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Friday, July 02, 2004

AP Wire | 07/02/2004 | Hill's Finn Boarding House tells about immigrant miners' lives

AP Wire | 07/02/2004 | Hill's Finn Boarding House tells about immigrant miners' lives
Hill's Finn Boarding House tells about immigrant miners' lives

LEE BLOOMQUIST
Associated Press

CHISHOLM, Minn. - Inside the two-story wooden building, interpreters weave stories about the thousands of single men who came to the Iron Range in the early 20th century to carve a living from the earth.

To jump start a 12-hour day of physical labor and a 6.5-mile walk to work, the men preferred hearty breakfasts of fried steak and potatoes with onions.

When they returned, exhausted and filthy from a day of work in an open pit iron mine, many slept and had their clothes washed. In the evening, the men played card games of poker or smear, or danced to music.

Boarding houses that sprung up across the Iron Range at the turn of the century were a center of social life for immigrant miners.

Hill's Finn Boarding House now tells that story at Ironworld Discovery Center.

The 19-room house, which stood in Buhl since 1905, was dedicated at the history center several weeks ago.

As the Iron Range's last original boarding house, it becomes one of Ironworld's most authentic exhibits.

"It's symbolic of what people went through in the early days so their children and their children could have it better," said Shirley Hill Johnson, whose family owned the boarding house since 1936. "It's a reminder of their struggles."

Built by Charles and Gustaava Hill, the 28-by-74-foot building was home to immigrant boarders during iron mining's heyday in the 1920s until 1936, when Hill Johnson's grandparents bought the building and rented out rooms.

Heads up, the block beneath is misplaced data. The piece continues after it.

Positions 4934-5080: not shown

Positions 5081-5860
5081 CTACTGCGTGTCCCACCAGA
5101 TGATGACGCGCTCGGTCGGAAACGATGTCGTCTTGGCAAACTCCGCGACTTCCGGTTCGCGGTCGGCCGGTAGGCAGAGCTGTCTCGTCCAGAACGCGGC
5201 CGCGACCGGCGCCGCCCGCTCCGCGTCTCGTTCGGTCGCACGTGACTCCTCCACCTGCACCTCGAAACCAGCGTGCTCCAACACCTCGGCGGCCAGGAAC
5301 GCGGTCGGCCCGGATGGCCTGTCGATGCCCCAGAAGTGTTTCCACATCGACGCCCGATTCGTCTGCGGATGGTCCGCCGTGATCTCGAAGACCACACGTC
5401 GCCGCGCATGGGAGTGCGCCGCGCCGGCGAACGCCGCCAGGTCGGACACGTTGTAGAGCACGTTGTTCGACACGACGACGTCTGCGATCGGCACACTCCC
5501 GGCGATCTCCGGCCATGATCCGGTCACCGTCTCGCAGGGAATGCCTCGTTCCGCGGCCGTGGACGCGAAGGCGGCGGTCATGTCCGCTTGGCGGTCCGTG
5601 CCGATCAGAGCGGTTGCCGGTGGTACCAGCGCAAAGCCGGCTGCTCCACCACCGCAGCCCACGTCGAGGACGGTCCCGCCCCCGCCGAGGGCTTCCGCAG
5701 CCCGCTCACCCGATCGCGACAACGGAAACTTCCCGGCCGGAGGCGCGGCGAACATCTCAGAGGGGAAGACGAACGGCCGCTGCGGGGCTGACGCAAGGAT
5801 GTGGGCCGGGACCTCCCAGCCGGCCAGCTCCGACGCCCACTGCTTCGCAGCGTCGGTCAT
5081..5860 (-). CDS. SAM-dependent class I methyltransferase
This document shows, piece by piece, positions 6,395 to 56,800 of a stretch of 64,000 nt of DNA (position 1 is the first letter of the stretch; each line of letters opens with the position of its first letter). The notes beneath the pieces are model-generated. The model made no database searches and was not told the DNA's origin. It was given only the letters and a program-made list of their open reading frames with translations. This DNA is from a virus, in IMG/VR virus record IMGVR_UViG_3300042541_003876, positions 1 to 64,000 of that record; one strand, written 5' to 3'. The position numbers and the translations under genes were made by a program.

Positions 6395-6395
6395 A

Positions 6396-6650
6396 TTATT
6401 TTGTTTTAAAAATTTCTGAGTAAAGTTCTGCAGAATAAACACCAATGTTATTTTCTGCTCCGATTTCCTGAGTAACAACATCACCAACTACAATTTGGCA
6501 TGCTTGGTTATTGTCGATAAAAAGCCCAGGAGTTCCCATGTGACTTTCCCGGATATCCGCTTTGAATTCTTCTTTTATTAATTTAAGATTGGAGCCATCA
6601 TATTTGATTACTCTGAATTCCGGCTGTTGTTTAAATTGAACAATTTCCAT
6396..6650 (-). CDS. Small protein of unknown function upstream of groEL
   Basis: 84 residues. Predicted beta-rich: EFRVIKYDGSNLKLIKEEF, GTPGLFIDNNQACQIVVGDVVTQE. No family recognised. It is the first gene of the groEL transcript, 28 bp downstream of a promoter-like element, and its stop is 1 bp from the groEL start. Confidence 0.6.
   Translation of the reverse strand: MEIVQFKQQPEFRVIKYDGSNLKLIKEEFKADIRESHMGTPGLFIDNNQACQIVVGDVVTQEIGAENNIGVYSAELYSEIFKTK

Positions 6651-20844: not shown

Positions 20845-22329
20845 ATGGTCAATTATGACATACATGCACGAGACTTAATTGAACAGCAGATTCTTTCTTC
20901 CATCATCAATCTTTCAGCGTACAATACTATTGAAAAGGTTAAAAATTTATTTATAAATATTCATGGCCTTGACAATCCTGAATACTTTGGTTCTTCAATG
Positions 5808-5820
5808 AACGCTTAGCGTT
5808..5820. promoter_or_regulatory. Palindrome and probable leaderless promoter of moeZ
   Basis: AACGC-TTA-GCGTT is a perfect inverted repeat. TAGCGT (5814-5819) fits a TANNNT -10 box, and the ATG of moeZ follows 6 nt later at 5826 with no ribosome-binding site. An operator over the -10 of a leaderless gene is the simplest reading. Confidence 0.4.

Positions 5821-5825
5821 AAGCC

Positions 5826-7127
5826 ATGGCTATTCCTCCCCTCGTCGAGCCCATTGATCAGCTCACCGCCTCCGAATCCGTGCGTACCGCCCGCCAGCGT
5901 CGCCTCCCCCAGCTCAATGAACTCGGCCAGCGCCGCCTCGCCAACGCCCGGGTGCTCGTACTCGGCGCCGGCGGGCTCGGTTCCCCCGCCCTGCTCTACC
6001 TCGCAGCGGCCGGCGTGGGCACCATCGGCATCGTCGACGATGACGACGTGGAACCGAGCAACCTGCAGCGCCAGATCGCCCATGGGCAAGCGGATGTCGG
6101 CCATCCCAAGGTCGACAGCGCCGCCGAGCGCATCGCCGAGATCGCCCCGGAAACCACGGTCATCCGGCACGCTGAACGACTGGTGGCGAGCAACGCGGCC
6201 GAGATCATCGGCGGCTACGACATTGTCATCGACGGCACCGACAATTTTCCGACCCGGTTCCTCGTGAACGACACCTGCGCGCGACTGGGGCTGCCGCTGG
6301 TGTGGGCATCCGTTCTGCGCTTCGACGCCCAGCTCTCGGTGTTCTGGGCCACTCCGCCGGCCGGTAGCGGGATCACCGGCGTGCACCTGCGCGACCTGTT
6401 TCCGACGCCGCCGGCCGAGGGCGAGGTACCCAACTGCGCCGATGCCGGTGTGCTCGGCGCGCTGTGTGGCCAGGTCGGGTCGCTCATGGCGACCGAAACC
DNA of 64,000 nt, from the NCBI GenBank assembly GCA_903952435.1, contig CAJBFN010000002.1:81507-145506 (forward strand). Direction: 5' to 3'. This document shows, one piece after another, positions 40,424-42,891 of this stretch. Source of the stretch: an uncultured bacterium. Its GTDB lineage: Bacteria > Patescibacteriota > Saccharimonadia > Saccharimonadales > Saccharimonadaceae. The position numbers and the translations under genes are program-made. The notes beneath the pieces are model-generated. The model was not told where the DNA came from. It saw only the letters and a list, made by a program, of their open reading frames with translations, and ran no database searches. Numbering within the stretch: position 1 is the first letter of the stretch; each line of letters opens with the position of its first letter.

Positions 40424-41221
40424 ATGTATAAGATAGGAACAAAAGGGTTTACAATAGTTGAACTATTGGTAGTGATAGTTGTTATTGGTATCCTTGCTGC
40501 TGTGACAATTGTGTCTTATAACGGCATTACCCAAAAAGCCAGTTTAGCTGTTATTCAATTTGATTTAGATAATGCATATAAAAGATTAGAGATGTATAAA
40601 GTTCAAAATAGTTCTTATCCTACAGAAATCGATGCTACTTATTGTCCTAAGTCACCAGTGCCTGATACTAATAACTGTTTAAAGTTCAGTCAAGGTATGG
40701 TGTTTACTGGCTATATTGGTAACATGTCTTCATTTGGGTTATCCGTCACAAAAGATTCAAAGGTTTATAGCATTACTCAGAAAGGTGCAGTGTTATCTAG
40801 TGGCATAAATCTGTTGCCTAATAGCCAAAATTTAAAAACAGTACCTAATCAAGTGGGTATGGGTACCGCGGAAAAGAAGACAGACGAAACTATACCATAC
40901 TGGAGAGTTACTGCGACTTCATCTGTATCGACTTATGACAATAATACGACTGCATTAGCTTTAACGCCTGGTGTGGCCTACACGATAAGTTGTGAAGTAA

In the 1990s, Hill Johnson attempted to operate the building as a museum at its original Buhl location but couldn't make ends meet.

To preserve the building and its rich history, and open it to the public, Hill Johnson donated the structure to Ironworld.

"They cared for it for years and did everything they could to run it as an exhibit in Buhl," said Marianne Bouska, Ironworld's managing director. "When they knew they couldn't do it on their own, they got help."

The Iron Range Resources and Rehabilitation Board, the Northland Foundation, the cities of Buhl and Chisholm and Minnesota Department of Transportation helped pay for the partial restoration and the move.

In 2000, the building was moved from Buhl to Ironworld. Since then, the first floor has been renovated and period furnishings have been installed. Some furnishings, including a chair and the kitchen sink, are original.

Original family photographs of Shirley Hill Johnson's parents, Oliver and Mary Hill, hang on a wall.

"I think it is really lovely," said Lillian Hakola, 93, of Hibbing, who was born in the boarding house. "They have done so much for it."

As child, Hakola remembers an ice deliveryman coming down the street near the boarding house. Hakola and other children would run out to the street and the iceman would give the children chips of ice to taste. She also remembers big benches that the miners sat on in the boarding house and spittoons strategically located in the building.

Boarding house interpreters tell stories about life there. Sometimes visitors have stories of their own.

Most Iron Range boarding houses were organized along ethnic lines and had strict rules of behavior. At Hill's Boarding House, more than 50 lunch pails were prepared each day for the miners. Women who worked at the boarding house washed laundry in large kettles of boiling water, cooked meals and ironed clothes for the men.

Laina Beurala, 86, of Buhl, washed dishes in the boarding house until she was 10 years old. Beurala was one of about 40 people who attended the dedication.

"I think it's wonderful," she said of the building's opening and restoration at Ironworld. "I have lots of memories about it, but I never expected it to look anything like this."

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